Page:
* Kuaba Gallery, (317) 955-8405
* Orlando Museum of Art, (407) 896-4231
* Portfolio Gallery and Educational Center, (314) 533-3323
* Target Market News, (312) 408-1881
* Thelma Hands Gallery,(510) 654-0443
RELATED ARTICLE: Grant Hill’s other passion.
Grant Hill bought his first piece of art when he was a college student–a print titled “Duke Fast Break” by Ernie Barnes.” He’s the one who did the painting on ‘Good Times’–the party scene,” Hill said.
He saw the piece in a gallery near the Duke University campus, where he was majoring in history and burning up the court as one of college basketball’s top players. The art-work’s basketball theme attracted him, and he needed to fill the walls of his apartment. Starting a collection was not on his mind.
But the painting sparked something in Hill. His next purchase was a Jacob Lawrence print of the 1976 Olympics. Since then, he has amassed more than 75 works of art, including many by African-American artists such as Barnes, Elizabeth Catlett, Romare Bearden, Hughie Lee-Smith and John Biggers.
Hill also knew Barnes’ work through his parents, both avid art collectors. His father, Calvin, gave him three Barnes prints from the 1984 Olympics when Hill was in junior high school.” As a child, my dad dragged me to and from galleries. So I went under duress–and the passion and love for it rubbed off on me,” he said.
Hill studied African-American history, particularly the Harlem Renaissance, in college. Beginning his collection was the next natural step, he said. “You can look at it as a snapshot of African-American history through the eyes of artists,” he said.” It’s a genre I think is under-appreciated.”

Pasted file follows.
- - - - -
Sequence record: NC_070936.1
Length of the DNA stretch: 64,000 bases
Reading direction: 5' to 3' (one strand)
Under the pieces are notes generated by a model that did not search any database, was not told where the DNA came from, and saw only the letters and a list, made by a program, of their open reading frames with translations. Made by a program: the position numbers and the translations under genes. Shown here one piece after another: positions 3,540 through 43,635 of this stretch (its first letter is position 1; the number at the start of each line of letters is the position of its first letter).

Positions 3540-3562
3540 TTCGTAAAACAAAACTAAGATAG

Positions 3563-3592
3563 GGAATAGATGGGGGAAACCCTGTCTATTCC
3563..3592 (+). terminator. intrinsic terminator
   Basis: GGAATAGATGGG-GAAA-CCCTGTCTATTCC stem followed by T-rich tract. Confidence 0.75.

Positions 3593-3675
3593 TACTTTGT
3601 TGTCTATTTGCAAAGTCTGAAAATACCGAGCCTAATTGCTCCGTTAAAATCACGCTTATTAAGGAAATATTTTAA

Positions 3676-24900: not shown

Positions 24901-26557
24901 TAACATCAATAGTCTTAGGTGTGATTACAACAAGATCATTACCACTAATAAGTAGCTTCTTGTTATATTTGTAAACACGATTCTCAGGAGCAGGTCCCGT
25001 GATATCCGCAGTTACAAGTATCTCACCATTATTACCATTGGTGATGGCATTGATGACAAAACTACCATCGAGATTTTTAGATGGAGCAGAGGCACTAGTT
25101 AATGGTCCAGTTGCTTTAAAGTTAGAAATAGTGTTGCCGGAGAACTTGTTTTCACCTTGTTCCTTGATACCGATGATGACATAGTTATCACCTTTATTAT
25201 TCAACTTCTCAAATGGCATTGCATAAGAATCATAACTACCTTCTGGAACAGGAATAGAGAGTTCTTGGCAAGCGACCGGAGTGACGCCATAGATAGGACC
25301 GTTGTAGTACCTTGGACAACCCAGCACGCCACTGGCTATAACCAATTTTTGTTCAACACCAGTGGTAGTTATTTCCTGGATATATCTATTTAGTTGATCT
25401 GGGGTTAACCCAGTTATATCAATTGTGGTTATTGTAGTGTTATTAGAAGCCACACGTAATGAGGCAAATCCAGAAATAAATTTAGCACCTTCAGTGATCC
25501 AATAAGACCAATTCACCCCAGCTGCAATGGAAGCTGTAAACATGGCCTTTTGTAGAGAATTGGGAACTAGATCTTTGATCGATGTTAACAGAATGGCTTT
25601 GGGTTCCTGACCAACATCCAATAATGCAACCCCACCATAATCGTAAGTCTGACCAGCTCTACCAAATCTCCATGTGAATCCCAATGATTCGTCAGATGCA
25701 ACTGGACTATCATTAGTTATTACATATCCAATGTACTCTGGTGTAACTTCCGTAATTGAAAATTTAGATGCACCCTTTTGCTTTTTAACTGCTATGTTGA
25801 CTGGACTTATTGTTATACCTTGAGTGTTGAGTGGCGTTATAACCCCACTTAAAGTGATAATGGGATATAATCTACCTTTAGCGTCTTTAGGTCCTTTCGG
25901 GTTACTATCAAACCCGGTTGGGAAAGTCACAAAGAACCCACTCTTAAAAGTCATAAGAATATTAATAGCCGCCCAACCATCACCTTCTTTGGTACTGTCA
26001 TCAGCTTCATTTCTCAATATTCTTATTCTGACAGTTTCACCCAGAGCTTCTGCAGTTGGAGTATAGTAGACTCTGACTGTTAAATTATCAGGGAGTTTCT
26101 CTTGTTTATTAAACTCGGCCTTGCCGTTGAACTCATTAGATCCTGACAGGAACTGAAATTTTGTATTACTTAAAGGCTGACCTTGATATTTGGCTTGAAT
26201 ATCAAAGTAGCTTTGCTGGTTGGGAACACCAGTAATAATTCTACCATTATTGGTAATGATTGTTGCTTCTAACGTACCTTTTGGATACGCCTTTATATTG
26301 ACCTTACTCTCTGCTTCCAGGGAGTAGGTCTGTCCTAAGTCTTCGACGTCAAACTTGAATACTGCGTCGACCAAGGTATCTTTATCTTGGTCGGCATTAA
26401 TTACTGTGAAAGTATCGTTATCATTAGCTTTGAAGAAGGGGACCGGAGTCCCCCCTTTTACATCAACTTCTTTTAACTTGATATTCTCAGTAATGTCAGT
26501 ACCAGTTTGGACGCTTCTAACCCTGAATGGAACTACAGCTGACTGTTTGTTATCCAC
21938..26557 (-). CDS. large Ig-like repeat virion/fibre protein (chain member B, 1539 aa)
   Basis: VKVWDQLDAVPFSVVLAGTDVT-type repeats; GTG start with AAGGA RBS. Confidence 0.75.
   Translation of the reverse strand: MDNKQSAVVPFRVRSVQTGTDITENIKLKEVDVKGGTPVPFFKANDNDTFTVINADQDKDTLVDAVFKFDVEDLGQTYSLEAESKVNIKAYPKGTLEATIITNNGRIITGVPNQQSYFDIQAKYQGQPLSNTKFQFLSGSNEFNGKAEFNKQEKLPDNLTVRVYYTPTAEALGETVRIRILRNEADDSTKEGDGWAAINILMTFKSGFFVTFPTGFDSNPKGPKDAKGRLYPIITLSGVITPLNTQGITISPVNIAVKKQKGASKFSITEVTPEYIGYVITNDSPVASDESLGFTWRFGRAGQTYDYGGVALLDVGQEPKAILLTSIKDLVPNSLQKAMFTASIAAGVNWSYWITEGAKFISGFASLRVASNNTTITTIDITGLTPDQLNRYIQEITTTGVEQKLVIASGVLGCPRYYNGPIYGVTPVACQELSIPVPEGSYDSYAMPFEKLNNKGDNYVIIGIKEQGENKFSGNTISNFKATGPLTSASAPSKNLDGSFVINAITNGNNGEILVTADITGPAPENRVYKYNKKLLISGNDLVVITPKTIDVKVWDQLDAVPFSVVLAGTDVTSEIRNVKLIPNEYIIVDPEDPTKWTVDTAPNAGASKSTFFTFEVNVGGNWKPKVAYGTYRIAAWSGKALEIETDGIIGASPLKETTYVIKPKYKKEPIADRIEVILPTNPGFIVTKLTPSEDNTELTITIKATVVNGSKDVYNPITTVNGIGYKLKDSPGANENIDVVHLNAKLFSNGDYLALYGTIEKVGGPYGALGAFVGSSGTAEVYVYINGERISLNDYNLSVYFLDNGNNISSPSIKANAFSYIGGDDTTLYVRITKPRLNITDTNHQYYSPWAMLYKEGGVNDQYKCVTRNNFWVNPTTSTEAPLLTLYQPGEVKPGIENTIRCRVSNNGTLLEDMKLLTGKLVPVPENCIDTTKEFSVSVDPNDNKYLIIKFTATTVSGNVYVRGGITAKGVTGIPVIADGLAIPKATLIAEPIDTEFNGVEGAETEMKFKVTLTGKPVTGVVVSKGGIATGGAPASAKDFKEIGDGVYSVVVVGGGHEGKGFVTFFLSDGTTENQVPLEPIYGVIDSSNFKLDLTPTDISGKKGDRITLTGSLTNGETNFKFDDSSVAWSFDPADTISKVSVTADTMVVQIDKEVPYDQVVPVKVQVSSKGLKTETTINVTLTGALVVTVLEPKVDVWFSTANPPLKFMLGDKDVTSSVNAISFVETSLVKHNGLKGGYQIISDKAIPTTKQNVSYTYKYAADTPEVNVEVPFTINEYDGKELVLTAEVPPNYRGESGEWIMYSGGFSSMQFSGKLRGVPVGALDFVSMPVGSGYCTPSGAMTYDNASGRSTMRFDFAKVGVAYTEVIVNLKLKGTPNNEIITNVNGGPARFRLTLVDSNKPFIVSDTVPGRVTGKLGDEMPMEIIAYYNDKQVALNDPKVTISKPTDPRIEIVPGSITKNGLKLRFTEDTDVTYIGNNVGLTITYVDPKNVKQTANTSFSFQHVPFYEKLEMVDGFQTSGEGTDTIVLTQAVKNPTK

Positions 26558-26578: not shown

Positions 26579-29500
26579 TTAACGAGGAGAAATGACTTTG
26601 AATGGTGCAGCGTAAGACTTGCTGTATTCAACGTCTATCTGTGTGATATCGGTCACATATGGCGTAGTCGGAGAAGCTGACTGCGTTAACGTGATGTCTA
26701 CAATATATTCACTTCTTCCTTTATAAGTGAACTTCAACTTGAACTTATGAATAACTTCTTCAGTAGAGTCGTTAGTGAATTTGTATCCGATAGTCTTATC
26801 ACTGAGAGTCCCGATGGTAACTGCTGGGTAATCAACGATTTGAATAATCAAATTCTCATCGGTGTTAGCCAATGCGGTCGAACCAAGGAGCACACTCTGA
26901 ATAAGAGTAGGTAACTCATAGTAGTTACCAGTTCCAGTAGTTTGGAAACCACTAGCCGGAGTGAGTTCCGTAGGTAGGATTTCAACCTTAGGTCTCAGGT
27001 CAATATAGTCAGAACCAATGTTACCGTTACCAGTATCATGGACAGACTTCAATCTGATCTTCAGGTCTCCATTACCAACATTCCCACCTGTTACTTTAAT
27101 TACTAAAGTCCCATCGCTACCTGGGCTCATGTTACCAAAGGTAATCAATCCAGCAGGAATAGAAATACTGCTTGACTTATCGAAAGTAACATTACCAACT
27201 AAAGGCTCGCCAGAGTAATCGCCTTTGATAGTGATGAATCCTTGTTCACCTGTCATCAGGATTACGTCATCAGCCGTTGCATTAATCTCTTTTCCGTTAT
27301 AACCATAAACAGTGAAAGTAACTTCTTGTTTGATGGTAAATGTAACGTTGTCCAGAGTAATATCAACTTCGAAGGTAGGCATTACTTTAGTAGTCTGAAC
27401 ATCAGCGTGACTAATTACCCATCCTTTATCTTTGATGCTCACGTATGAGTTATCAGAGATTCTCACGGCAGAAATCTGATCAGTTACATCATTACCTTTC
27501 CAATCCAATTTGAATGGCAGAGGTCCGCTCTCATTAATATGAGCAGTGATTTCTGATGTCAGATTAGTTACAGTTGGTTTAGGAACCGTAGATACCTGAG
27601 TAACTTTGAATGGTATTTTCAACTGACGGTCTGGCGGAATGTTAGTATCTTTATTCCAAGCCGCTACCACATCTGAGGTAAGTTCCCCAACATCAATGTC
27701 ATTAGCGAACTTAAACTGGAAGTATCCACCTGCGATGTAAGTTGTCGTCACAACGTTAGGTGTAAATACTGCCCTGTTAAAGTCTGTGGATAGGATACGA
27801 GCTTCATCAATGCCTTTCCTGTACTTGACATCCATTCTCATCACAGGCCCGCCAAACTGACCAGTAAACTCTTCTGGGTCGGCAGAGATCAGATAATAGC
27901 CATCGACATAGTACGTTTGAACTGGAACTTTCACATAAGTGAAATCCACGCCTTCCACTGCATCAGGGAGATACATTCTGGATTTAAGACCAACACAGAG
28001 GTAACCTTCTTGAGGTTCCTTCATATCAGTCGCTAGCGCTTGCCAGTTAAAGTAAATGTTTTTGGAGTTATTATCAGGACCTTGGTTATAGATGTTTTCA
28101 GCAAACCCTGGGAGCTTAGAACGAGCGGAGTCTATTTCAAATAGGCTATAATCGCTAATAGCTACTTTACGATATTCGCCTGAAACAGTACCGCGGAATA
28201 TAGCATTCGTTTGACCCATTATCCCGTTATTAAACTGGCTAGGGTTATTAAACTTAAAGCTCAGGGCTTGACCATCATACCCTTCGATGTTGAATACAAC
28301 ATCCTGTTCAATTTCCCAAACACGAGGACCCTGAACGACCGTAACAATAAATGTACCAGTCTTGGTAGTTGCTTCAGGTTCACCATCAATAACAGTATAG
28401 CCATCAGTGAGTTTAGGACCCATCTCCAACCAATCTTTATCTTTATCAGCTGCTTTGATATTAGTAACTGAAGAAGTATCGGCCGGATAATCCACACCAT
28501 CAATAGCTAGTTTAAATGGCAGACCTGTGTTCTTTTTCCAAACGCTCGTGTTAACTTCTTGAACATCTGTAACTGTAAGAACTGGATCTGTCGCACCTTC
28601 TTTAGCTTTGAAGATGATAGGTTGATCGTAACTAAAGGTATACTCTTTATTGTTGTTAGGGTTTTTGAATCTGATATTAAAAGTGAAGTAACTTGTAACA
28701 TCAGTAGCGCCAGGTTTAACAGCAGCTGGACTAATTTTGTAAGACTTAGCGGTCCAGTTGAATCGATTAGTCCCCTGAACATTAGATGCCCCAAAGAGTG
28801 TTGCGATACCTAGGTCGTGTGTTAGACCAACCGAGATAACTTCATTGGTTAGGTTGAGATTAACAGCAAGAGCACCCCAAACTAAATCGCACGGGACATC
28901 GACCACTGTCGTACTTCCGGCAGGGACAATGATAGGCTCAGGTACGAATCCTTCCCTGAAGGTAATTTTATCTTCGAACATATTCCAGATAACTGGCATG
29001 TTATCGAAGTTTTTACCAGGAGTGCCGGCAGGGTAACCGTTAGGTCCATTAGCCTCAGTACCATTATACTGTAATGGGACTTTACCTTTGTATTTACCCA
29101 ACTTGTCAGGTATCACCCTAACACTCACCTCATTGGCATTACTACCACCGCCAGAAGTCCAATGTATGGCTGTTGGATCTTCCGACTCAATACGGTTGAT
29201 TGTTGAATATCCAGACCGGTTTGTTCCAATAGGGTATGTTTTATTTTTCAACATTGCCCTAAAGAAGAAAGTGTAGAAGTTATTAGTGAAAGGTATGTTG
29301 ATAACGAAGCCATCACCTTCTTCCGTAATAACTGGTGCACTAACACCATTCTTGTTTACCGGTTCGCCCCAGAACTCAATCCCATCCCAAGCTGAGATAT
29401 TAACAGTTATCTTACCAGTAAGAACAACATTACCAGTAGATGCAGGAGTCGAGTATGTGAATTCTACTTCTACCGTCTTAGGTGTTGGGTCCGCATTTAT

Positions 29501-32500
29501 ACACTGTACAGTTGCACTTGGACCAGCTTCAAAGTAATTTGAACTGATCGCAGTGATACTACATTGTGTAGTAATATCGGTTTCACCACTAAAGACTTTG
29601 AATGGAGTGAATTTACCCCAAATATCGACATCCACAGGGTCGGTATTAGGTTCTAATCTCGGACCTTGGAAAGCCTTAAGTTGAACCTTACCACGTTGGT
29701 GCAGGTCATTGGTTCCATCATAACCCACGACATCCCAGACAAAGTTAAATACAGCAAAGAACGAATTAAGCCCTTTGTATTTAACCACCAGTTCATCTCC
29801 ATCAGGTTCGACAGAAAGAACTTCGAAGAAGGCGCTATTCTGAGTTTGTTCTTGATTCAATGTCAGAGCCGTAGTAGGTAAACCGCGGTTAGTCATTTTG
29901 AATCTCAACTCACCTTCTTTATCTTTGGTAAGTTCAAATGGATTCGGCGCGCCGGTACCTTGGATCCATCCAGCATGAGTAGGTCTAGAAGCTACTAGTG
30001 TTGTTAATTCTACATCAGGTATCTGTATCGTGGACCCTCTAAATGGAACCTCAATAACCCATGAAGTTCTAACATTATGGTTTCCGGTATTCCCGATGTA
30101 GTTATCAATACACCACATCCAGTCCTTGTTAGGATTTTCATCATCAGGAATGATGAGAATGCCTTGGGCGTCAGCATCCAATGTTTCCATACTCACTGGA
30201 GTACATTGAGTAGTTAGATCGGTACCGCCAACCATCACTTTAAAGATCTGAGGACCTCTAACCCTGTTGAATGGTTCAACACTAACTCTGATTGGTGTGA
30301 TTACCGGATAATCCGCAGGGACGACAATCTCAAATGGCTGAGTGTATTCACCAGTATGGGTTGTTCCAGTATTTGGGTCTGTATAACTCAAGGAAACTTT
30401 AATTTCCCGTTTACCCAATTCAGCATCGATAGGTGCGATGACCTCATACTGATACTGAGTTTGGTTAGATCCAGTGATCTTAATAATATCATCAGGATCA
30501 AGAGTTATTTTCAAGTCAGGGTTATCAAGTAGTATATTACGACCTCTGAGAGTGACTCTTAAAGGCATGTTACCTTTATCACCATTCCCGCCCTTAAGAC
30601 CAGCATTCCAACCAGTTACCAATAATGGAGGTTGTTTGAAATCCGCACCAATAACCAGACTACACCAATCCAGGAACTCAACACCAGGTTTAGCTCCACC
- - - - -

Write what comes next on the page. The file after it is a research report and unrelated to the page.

A new exhibit called “Something All Our Own,” featuring 45 of Hill’s pieces opened in Orlando in November and will travel to six more museums. The works include many images of women by artists such as Catlett, Biggers, Hughie Lee-Smith. Other works by John Coleman, Edward Jackson and Arthello Beck Jr., portray black men, both famous and ordinary. Many of the themes, from worshipping in church to dancing to working in fields, are part of the African-American experience, Hill said. But they are a part of a broader experience as well. “Go back a few generations and, no matter where we are, we all come from that [experience],” he said.
He is a particular fan of Catlett and said if he decided to commission a work it might be from her. He likes her portrayals of women as, “the backbone of the African-American family.”
Hill bought 15 Beardens at once from the artist’s estate and recently purchased another, but he still wants more. “He’s not always easy to get at a good price,” he said. His method of acquisition varies. He visits galleries, but he also works with art dealers to find pieces. He declined to say how much he has invested in his collection so far. “We’ve spent pretty good money. I will say that.”
At 31, Hill is happy with the collection, and he and his wife. Tamia, plan to add to t. As we evolve and we grow, I’m sure we will continue, and it will be a reflection of where we are in a particular point in our lives.”
Currently with the Orlando Magic, Hill has been unable to play a full season since 2000 because of an ankle injury. He and Tamia have been working on the exhibition for four years.
In conjunction with the show, Hill established a scholarship program for students interested in visual arts. He is hopeful his collection will draw children who didn’t have the arts influences he had growing up. “I think it had a lasting effect on me, being exposed to a whole other world in a sense, and hopefully I can do that as well,” he said.